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Key Points

  • The DOS has published a proposed rule increasing application processing fees for some visa applications
  • Changes will apply to certain nonimmigrant visas and the “J-Waiver” fee at US consulates worldwide
  • The DOS is updating fees to reduce volatility using a ten-year average for the demand that considers the sharp decrease for visa services due to the COVID-19 pandemic.
  • The rule will be accompanied by a 60-day public comment period ending on February 28, 2022


On December 29, 2021, the Department of State (DOS) published a proposed rule in the Federal Register to increase application processing fees for various visa applications at US consulates worldwide. Certain nonimmigrant visas (NIVs) and the “J-Waiver” fee, which applies to the removal of the two-year J-1 residency requirement, where applicable, are highlighted below.

What are the Changes?

The DOS aims to update fees to reflect better the cost of providing visa services. It proposes the following changes to apply to visa applications at US consulates worldwide in 2022:

  • Nonimmigrant visa applications at US consulates pursuant to an approved USCIS petition for employment in the US will see a fee increase to $310 per application. The current fee is $190 per application. Such nonimmigrant visas include the categories of H, L, O, and P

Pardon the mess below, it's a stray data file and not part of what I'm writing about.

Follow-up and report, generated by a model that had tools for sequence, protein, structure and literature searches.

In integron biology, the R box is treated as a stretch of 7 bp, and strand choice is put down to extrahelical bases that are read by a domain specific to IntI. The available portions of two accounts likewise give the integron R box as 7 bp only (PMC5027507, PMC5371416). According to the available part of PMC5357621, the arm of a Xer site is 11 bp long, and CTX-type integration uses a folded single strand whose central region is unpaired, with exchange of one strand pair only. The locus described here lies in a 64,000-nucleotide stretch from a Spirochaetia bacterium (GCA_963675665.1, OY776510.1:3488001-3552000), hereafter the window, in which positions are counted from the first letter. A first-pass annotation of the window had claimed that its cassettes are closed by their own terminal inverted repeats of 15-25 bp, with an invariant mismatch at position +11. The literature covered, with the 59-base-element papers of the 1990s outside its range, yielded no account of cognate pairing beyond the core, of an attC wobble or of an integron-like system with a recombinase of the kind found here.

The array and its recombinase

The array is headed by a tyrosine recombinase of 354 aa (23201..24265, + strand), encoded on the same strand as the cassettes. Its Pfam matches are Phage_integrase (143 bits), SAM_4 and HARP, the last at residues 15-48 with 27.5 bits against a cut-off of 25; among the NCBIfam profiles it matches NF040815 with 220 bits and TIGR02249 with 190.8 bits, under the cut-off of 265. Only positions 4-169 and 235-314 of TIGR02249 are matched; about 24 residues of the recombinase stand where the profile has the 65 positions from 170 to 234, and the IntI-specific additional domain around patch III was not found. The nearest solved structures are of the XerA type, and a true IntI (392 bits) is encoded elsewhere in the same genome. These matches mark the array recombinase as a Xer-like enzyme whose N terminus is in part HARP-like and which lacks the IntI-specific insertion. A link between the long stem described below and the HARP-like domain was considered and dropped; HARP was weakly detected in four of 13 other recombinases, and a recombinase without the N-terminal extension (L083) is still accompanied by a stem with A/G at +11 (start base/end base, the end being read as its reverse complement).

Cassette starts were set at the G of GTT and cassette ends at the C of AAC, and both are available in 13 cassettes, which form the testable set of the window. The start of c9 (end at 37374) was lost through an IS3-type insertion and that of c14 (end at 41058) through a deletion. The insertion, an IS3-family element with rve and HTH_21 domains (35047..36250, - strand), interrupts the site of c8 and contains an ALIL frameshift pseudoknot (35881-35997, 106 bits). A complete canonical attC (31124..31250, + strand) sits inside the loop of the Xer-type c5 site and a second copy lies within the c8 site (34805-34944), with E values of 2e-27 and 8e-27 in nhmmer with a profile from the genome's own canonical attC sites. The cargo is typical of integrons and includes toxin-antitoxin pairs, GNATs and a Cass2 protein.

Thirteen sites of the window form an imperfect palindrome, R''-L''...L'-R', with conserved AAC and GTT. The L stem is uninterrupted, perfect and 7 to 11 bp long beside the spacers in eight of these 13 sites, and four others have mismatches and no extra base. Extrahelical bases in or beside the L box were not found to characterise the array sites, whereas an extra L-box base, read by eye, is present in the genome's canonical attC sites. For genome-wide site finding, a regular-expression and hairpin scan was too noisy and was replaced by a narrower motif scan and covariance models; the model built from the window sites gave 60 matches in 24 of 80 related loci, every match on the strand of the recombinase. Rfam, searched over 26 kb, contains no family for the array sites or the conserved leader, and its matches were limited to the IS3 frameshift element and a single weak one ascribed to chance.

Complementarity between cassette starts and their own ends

• Nonimmigrant visas that are applied for at a US consulate and are not based on an approved USCIS petition (excluding E visas) have a proposed fee increase to $245 per application, up from the existing fee of $160
  • For E visas, which are specific to treaty traders or investors and Australian specialty occupation workers, the State Department proposes a fee increase from $205 to $485
  • The DOS also proposes increasing the “J-Waiver” fee to $510. Currently, the cost is $120

The fee increases proposed by the DOS have the stated goal to ensure that the fees associated with providing the consular services are better aligned with the cost of the services based on a 10-year average demand.

Looking Ahead

A 60-day public comment period will follow the proposed rule’s publication in the Federal Register. The DOS will accept comments through February 28, 2022.

Source: Department of State (DOS)

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